Now to the universal contract theme: I turned out that this woman - we'll call her Susan - is a caterer and knows her way around a kitchen, to be sure. So I've been cooking a lot over past few months as part of my healthier diet transformation and, one night, I made dinner for Susan and the conversation turned to one of my favorite foods - garlic. I use garlic a lot, in just about anything I cook. And when I use it, I simply mince it myself. It's not a big deal, usually taking just a few minutes to peel and cut up a few cloves, then into the pan with a little oil and ... I'm on my way.
"Don't you use a garlic press?" Susan asked.
I laughed, telling her, "No," explaining that since I moved to Kansas City, I've chosen to buy only essential gear and the garlic press, while cheap, certainly wasn't something I would call essential. Having said that, a quick mini-lecture by Susan, telling me about how the press takes the entire garlic experience to another level, served to capture my attention; She really seemed to know what she was talking about and explained how using a press does something extra; something to do with the extraction of the juices which simple cutting alone doesn't provide.
Anyway - that was that. Susan and I don't see one another any more, for whatever reason. Honestly, it wasn't all that disappointing in the end. As I said, I was actually pretty pleased that I even got excited about meeting someone. That door appears to be open again.
A Whole New World - While in Target a few weeks ago, while walking through the kitchen gadget section, you know it - I snagged a garlic press - remnants of the Susan experience. And I put it to use that very night in a nice stir-fry dish I enjoy. And guess what - she was right - a different level. A genuinely noticeable difference which seemed to explode with flavor. I'm sure the folks at my office appreciate it now that I've learned how to properly cook with the press, not to mention the people in my Bikram yoga class.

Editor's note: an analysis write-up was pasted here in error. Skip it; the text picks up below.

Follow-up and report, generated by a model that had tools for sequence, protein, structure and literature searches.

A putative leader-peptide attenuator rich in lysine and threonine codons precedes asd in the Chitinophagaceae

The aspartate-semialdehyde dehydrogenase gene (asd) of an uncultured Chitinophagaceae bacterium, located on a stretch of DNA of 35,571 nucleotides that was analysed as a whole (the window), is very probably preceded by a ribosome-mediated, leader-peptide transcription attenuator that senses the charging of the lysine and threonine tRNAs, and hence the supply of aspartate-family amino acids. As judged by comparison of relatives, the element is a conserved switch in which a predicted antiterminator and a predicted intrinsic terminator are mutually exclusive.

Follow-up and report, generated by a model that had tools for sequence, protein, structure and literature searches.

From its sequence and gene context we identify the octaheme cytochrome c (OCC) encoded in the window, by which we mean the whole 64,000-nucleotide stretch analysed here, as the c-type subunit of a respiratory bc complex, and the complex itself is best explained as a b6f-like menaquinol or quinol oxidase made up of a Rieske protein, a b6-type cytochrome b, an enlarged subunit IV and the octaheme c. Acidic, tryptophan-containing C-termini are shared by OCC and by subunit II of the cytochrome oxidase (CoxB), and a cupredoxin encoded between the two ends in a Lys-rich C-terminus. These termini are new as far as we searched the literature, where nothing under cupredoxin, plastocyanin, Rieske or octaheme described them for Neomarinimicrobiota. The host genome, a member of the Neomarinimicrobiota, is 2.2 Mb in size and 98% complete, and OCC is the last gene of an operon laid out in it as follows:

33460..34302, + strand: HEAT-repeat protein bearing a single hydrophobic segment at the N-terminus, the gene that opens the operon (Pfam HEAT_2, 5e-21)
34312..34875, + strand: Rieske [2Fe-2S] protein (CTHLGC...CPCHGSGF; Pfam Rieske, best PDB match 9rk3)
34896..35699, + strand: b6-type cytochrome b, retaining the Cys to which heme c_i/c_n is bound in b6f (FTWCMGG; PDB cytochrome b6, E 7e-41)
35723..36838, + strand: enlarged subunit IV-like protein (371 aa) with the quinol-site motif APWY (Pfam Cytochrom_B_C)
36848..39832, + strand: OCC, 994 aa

All kidding aside, while cooking dinner the other night, I chuckled to myself, first thinking about the brief encounter with Susan and then, for whatever reason, thinking about the aforementioned (still untitled) special book.
"Could it be!?" I laughed hard. "Is that the reason Susan and I met? Is that the reason our paths crossed as I was walking out of the Jardine's party?"
It's wild, I know. But I wonder about that kind of thing, I really do. If there is some kind of universal source energy thing at work here, I would love to see the terms and conditions of that particular document. With the names of the parties listed at the top, the agreement might start with something like this:
WHEREAS this man has been using a particular vegetable in an inappropriate manner and can use some help in that area;
WHEREAS this man has dedicated himself to transforming his dietary needs to incorporate more healthy foods, etc ...
IT IS HEREBY AGREED, as follows:
1. TERM: 28 days, perhaps with an option to extend the term, mutually to be agreed upon.
2. DUTIES AND PERFORMANCE: Susan XX shall hereby introduce Harry Getzov to the garlic press; instructing him about the various potential uses for such a device and so on and so forth.
The rest would be boilerplate, of course, with the requisite warranties and representations, indemnification, choice of law, force majeure and severability clauses and so on and so forth.
Anyway, it doesn't really matter. The fact is, I'm just glad that I've added the contraption to my kitchen arsenal. Sure, it's an extra step to clean the darn thing. But that's all canceled out by the time I now save by not having to cut and mince any more - so I figure it's a wash.
So thank you Susan. It was great doing business with you.
I can only wonder what the next relationship contract is going to bring me. I'm actually pretty excited about the potential.
Perhaps a juicer?
Or a cappuccino maker?